Q&A with Shannon about writing of The Last Heir

Q&A WITH SHANNON ABOUT WRITING THE LAST HEIR


Q: How long did it take you to write The Last Heir?

A: About two and a half years.


Q: Explain the history of the book.

A: It’s actually a bit complicated. When I was around twelve I wrote a sci-fi story called “The Empire Among the Stars”. It was about an emperor whose father had died when he was a child, and who had taken the throne with some strife several years before.

That is essentially the plot of The Last Heir, but in the first story it was just backstory. I stuck with that story for years, writing and revising, taking notes, mapping plots, doing a complete re-write once and starting a second twice. I developed on the characters and the universe they lived in through this process. Some time after the re-write I began writing a series of scenes (to be inserted at the beginning of the book) revolving around Emperor Alexander’s wedding. It was during these that Colonel Kereth and Mareah first emerged.

But I didn’t have the inspiration to take up the book again, starting from page one. Trying to stir it, I set out to write a short story about how two of the characters had met during the earlier conflict, the one in which Alexander became emperor. And I got stuck after a page or two, and I realized it was because I simply didn’t know enough about the time-frame. I didn’t know enough about the broader conflict to write about their piece in it. So I wrote a summary and then revised it a couple times. Soon I was thinking: This is good, I could just write this. And the rest is The Last Heir.


Q: How did you go about writing it?

A: I began with my outline, which roughly consisted of the major events of the story. From there on in, it was getting from one point to the other.


Q: How did you go about ‘getting from one point to the other’?

A: It was just a matter of deciding the best way to get there. I proceeded a lot by logic – the logic of the situation, the logic of the characters.


Q: Did the characters’ logic ever take the story in a different direction from what you expected?

A: Sometimes. The biggest example would be the romance between Vonran and Mareah. I had no plans for that, but when I came to that point in the story, it only seemed natural.


Q: Did the characters themselves change much?

A: Some of them. Some were pretty set, either because they pre-dated the book by years or because that was their nature. The tiger doesn’t change his stripes, and neither does Kinlol.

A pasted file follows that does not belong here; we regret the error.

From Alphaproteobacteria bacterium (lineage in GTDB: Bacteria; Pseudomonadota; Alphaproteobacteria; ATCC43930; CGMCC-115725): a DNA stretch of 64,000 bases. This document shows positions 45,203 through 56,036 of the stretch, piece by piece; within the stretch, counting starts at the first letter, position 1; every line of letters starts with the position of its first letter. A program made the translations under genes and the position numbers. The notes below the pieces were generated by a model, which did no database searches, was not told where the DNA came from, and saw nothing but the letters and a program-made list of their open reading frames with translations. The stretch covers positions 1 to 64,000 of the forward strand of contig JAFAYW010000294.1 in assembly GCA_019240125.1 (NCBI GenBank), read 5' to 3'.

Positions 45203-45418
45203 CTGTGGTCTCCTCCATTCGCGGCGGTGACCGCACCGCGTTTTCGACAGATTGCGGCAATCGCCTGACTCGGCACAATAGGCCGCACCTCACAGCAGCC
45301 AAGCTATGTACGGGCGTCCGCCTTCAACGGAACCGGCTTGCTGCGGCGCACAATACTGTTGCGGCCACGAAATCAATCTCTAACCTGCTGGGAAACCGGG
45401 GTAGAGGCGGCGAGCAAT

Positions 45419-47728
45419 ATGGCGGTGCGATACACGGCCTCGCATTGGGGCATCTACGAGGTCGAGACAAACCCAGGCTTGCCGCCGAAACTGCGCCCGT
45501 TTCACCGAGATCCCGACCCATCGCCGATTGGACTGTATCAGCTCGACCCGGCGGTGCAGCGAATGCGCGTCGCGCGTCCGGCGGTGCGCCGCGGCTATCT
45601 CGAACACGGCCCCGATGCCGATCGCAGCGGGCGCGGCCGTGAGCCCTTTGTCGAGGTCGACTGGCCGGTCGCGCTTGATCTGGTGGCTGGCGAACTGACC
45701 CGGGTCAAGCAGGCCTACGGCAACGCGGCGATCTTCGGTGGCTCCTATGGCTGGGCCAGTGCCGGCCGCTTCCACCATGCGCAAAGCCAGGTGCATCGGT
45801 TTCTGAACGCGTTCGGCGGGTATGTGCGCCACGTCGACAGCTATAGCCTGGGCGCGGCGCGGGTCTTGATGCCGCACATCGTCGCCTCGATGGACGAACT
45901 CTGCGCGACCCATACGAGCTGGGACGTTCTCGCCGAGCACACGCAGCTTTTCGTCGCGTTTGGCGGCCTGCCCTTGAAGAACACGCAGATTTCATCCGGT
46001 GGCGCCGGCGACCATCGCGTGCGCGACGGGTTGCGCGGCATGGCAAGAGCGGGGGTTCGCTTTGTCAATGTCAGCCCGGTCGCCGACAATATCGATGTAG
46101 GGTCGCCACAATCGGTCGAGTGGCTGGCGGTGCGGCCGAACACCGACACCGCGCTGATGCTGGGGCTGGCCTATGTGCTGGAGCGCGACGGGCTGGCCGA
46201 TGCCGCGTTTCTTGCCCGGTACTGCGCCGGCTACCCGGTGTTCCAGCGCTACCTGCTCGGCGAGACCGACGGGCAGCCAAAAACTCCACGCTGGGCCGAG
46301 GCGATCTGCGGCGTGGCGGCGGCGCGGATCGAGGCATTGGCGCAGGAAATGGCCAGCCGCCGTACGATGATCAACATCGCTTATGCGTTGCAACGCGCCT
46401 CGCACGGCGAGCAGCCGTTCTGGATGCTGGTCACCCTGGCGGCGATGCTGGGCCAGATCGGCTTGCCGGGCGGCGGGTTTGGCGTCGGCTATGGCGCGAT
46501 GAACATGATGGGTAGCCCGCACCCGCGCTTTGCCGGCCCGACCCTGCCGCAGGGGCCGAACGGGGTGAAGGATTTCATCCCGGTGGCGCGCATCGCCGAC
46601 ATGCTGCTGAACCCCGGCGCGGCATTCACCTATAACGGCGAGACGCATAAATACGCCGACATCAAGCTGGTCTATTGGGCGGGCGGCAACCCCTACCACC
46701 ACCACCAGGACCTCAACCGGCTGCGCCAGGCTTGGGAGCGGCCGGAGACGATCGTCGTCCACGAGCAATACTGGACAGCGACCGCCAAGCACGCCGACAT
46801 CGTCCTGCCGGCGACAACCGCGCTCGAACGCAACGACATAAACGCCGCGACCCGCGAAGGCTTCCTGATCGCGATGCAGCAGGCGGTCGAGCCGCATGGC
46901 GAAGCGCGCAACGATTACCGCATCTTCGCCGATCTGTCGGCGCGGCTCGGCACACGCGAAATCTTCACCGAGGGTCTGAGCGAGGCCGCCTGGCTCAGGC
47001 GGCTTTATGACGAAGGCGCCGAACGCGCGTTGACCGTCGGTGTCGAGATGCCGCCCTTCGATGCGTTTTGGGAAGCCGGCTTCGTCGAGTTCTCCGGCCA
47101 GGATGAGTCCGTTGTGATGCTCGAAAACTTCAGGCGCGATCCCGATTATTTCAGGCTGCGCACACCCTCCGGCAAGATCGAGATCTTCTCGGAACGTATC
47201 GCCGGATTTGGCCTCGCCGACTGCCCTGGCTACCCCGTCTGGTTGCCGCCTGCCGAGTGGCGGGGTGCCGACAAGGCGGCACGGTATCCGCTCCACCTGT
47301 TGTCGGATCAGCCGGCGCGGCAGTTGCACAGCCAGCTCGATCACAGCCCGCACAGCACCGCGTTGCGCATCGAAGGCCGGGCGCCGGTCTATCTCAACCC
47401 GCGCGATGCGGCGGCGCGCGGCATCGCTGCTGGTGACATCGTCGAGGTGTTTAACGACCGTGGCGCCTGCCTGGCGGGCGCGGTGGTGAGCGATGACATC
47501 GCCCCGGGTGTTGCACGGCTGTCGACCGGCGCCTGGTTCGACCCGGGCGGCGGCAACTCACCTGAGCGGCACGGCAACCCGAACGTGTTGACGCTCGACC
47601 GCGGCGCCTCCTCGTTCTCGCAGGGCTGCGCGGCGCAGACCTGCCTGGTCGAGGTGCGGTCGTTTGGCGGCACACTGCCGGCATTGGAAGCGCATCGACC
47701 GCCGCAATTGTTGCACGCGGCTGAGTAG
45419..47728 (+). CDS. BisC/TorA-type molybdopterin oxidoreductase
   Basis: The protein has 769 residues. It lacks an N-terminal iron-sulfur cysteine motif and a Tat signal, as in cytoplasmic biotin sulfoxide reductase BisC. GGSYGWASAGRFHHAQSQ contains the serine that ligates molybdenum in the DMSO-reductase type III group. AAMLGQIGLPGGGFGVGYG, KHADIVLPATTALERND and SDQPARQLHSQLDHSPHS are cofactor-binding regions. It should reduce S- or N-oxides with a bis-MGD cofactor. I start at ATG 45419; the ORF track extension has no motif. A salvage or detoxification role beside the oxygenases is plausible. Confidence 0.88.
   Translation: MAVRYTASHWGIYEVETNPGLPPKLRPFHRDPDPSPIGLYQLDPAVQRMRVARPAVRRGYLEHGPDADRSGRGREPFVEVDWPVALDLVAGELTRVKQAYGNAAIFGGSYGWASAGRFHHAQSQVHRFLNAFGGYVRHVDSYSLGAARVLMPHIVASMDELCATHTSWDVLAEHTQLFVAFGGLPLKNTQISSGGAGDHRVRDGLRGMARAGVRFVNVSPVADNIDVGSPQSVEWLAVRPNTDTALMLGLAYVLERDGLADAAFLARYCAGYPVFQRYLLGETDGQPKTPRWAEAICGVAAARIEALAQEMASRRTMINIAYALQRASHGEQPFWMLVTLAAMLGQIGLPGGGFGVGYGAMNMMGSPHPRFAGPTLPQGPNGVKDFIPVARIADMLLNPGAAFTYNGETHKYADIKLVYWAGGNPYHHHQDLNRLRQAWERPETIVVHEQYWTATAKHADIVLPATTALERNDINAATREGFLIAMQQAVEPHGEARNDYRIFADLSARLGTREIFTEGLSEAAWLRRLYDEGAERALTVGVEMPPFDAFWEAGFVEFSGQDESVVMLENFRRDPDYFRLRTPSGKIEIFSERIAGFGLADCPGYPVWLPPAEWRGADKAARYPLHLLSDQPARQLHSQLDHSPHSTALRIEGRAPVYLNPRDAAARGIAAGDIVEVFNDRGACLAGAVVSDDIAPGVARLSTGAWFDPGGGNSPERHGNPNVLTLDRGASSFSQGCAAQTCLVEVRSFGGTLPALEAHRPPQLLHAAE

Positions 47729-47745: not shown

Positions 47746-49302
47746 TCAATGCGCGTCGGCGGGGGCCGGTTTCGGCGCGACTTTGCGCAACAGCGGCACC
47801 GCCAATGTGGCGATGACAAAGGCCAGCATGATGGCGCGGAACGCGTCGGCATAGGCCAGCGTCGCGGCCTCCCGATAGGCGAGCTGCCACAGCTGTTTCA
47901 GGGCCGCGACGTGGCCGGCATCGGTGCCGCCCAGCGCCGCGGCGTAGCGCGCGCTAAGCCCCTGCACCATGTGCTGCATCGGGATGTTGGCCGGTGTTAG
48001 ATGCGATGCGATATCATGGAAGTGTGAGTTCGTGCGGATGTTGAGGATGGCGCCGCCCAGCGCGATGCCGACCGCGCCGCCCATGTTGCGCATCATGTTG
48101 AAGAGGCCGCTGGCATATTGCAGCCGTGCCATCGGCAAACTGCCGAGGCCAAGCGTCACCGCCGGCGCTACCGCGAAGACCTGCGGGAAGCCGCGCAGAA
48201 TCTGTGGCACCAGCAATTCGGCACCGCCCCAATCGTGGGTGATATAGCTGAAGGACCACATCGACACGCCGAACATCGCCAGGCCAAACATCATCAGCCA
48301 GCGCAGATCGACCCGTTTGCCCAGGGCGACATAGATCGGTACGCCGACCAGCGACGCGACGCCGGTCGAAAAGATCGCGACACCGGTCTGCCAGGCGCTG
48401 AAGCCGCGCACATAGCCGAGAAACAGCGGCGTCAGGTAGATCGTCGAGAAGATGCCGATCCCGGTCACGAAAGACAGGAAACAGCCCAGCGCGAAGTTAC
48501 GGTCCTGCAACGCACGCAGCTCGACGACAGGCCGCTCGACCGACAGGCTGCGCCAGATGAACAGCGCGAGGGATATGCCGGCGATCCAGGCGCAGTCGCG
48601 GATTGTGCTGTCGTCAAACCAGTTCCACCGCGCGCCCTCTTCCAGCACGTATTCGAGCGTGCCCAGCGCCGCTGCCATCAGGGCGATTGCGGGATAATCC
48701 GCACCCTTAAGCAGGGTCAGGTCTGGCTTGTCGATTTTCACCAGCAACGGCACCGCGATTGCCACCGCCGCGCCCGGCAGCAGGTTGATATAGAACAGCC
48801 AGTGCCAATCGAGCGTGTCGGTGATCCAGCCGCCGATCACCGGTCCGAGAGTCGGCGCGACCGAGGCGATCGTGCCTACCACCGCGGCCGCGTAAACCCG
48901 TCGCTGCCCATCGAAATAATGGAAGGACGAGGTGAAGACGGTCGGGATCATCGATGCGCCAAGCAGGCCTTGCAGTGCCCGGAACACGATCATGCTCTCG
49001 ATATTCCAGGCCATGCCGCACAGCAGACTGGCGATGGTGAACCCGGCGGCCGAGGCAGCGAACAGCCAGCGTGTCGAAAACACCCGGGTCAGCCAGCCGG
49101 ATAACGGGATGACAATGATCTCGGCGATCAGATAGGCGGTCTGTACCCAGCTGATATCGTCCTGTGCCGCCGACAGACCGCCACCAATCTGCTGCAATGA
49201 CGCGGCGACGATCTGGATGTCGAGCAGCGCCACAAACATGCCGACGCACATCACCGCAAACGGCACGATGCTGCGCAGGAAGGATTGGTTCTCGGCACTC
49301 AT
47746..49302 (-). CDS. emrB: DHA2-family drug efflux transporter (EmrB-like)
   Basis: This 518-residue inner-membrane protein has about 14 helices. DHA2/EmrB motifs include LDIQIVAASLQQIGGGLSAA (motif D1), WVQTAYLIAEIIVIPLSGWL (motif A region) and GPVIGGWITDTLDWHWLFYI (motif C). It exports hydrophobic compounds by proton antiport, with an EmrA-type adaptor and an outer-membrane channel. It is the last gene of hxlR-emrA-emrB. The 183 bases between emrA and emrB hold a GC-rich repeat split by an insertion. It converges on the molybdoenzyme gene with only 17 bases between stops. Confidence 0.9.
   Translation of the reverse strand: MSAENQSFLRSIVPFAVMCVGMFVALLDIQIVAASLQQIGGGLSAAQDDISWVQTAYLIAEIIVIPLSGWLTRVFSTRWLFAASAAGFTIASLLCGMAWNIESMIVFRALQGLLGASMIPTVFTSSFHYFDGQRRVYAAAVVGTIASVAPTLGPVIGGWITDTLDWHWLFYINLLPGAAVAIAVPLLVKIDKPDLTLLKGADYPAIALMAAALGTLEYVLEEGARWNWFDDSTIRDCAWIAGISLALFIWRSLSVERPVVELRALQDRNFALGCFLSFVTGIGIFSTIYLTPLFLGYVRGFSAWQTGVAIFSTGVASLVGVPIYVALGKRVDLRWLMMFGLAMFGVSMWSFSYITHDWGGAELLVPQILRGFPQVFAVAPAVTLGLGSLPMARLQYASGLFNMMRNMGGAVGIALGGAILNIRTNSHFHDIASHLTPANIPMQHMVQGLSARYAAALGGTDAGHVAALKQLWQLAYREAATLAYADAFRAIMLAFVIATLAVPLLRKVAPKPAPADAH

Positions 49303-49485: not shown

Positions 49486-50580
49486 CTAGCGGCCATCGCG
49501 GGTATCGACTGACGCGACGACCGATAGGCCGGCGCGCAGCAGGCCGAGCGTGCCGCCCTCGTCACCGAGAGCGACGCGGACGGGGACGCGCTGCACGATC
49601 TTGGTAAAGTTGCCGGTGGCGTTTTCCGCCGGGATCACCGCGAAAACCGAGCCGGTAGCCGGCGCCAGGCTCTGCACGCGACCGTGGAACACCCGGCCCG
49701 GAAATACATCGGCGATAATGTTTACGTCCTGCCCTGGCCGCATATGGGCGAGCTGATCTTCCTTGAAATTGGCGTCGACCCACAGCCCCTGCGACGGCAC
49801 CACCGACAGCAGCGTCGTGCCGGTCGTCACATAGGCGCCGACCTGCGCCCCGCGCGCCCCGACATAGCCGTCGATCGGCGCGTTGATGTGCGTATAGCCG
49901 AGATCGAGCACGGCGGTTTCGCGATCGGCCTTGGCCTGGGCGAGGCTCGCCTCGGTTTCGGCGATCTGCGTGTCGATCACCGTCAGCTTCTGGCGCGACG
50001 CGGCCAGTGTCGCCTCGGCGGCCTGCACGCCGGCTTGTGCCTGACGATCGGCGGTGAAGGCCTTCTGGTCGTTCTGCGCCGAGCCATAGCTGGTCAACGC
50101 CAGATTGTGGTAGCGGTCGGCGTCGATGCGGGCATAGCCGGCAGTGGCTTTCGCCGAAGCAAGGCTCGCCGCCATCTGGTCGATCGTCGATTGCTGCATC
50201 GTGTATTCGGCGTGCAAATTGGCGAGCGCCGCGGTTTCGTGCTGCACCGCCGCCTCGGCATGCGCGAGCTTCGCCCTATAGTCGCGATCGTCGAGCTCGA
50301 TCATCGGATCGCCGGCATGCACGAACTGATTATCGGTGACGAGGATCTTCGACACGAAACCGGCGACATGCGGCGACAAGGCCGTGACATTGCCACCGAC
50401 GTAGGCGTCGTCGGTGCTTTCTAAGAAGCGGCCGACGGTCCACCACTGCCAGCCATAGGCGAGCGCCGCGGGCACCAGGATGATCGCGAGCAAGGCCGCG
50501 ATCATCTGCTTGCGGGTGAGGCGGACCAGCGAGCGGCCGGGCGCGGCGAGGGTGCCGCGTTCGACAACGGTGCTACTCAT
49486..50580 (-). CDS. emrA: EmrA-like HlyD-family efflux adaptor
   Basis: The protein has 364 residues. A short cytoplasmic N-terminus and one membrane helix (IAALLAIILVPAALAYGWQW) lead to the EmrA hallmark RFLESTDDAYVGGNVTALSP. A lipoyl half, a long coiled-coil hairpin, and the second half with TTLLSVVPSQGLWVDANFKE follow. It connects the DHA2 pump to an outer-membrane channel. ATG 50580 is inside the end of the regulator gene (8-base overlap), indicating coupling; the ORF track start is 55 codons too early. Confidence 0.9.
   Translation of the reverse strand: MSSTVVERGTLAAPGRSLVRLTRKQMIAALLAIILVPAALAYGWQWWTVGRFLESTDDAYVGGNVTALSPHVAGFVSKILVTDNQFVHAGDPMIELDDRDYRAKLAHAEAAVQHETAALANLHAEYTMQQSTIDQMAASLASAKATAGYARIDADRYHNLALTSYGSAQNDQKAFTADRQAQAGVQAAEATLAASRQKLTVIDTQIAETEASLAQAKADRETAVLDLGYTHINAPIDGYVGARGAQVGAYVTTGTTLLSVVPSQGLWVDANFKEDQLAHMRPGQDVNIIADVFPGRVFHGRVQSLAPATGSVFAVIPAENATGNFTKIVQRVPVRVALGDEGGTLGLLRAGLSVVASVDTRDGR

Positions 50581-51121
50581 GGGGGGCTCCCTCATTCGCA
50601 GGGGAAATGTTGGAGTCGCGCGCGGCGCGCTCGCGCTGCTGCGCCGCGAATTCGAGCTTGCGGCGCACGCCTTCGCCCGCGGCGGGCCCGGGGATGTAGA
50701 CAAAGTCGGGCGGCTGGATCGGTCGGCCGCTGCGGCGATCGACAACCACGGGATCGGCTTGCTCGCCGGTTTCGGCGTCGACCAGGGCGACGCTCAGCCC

Q: So Kinlol stayed pretty much the same. Who changed?

A: Vonran changed the most, from my first outline to the final result. In my very earliest conception, he was just a thug, then a remorseless (if cultured) despot. Thaddaeus was one of the characters I had invented for the original story, but the plot of The Last Heir shifted his character a bit. His entrance as his father’s liaison made him more diffident than I had previously envisioned, and influenced his character path throughout the book.


Q: How did you construct the Empire’s system of government?

A: As it was an Empire, it first of all required an emperor. (Vonran and I see eye-to-eye on this.) To keep the government from being completely totalitarian, I gave them a national elected body, the Assembly. The Assembly provided some counterpoint to the emperor’s power, something useful in a story as well as a government. The Assembly also created a platform for characters like Vonran and Ziphernan.

The delegates were representatives of their provinces, being appointed by their legislatures. The legislators themselves were popularly elected. This system is based on American federalism and, before they changed the Constitution, the method of having senators appointed by the state legislatures. Another element taken from America was the Council of Chiefs. The Cabinet inspired their creation.

In sum, I built the Empire’s government through real-world governments. I tried to graft both democratic elements and totalitarian elements into a single, cohesive system. The emperor with the Assembly was an echo of Rome; the Council and the system of provinces with their own legislatures and representatives was an echo of America.

 

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